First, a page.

A growing number of U.S. schools are banning gay (LGBTQ) “pride” and Black Lives Matter (BLM) flags, saying they are too political and divisive.
In August, an Oregon school district voted to ban LGBTQ and BLM flags, as well as other “political” symbols and clothing.
“We’re not going to pay our teachers to force their political views on our students. That’s not what they’re going to do,” said Brian Shannon, board director and vice president of Newberg Public Schools. Their job is to teach an approved curriculum, and that’s all this policy does,” said Brian Shannon, board director and vice president of Newberg Public Schools.”
District Superintendent Joe Morelock said he would meet with the district’s attorney before implementing the policy, according to NBC News.
But board member Brandy Penner, a member of the board of trustees, said he would meet with the district’s attorney before implementing the policy. Brandy Penner (D) argued, “It’s anti-free speech, anti-safety.”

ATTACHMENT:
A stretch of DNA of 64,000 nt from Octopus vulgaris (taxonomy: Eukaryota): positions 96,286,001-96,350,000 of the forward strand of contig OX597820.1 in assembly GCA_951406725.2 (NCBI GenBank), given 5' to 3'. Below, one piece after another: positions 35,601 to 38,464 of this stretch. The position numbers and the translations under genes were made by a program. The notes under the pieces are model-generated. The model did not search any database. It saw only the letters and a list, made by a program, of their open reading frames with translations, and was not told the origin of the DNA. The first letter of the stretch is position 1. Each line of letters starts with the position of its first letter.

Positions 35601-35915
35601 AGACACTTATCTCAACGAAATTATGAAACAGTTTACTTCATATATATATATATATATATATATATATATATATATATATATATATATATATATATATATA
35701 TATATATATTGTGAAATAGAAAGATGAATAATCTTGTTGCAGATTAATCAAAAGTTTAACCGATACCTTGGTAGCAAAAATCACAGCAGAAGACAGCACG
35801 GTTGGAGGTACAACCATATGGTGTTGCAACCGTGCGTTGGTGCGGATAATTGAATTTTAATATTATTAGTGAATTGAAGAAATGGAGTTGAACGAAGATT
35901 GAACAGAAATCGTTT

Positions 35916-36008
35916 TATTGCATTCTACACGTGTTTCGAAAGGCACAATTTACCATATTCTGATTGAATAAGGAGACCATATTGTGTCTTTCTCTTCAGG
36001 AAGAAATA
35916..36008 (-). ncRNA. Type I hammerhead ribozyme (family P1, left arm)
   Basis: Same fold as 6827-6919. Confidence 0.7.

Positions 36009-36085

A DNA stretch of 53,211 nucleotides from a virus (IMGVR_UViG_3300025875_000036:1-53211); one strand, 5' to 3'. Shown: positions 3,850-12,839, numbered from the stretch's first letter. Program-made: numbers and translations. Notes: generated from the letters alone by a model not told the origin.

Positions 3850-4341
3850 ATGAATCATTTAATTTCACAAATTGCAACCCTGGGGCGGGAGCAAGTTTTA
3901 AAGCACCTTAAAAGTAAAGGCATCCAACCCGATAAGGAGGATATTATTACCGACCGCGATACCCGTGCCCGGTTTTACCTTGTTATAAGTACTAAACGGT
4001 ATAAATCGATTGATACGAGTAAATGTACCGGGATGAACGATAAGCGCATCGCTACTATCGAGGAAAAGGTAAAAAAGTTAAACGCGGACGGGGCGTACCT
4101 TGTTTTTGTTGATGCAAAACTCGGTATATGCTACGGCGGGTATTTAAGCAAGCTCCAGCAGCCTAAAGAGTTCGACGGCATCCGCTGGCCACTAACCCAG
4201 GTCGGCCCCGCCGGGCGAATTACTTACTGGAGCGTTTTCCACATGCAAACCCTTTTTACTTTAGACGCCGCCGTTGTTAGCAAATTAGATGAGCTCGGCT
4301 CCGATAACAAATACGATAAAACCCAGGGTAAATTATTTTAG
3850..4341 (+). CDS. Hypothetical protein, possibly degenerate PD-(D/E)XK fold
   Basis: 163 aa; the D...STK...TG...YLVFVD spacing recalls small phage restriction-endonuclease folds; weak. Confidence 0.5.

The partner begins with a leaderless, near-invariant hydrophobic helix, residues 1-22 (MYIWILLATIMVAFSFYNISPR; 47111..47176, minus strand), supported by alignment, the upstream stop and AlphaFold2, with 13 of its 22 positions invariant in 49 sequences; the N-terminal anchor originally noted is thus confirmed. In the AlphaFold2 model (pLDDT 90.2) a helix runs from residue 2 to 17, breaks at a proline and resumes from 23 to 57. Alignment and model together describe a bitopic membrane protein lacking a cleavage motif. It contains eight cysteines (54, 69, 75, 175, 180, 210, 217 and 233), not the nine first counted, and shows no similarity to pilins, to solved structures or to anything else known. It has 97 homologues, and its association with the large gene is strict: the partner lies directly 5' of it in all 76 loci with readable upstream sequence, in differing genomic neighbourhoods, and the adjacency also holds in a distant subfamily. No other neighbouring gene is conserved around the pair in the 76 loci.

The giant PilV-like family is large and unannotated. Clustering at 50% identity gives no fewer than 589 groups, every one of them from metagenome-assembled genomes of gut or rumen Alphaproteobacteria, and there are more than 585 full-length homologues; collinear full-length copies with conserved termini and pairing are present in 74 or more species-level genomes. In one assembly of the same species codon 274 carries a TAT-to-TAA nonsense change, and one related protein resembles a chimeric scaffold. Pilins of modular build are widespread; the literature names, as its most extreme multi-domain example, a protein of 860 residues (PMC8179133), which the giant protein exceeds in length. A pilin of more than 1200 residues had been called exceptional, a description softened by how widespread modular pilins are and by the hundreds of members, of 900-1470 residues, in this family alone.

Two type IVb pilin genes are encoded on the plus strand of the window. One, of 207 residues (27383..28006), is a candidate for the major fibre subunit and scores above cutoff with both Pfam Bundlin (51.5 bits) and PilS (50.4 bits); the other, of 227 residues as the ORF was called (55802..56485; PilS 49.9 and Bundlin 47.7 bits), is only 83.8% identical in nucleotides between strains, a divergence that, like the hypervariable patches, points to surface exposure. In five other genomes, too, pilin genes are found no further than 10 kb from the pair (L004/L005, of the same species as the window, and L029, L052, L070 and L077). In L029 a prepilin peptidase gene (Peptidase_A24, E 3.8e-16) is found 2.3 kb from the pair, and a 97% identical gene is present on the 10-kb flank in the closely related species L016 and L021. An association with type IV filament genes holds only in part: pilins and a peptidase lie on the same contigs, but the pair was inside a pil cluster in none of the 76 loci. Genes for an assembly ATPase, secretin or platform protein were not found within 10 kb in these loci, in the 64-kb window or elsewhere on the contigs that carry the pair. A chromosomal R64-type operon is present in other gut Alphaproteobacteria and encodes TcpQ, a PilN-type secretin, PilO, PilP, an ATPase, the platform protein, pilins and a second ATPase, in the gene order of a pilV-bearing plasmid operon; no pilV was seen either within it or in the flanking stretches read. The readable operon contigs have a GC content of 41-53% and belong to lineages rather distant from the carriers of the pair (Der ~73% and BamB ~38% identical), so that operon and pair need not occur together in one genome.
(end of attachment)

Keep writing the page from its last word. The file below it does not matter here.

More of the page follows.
A few years ago, the Davis School District in northern Utah also banned LGBTQ pride and BLM flags from its buildings.
Administrators said the flags were too “politically charged,” according to the Salt Lake City Tribune.
School district spokesman Chris Williams said. Our schools do not fly any flags other than the American flag,” said district spokesman Chris Williams, adding that sports team flags are the exception.
Natalie Cline, a member of the Utah State Board of Education, suggested that classrooms should not be a place for “identity politics.
But some on the left claim that LGBTQ and black students need the flags to feel welcome.
In September, John M. Wallis, a teacher in Neosho, Missouri, resigned after the school district asked him to remove the LGBTQ “pride” flags after a parent complained that he was displaying them in his classroom.
LGBTQ activist Mary Emily O’Hara said the display was harmless and welcome and safe.
But Newberg, an Oregon school board director, said the main purpose of the flag ban policy is “to take political symbols and divisive symbols out of our schools so we can focus on the difficult task of educating students in core subjects.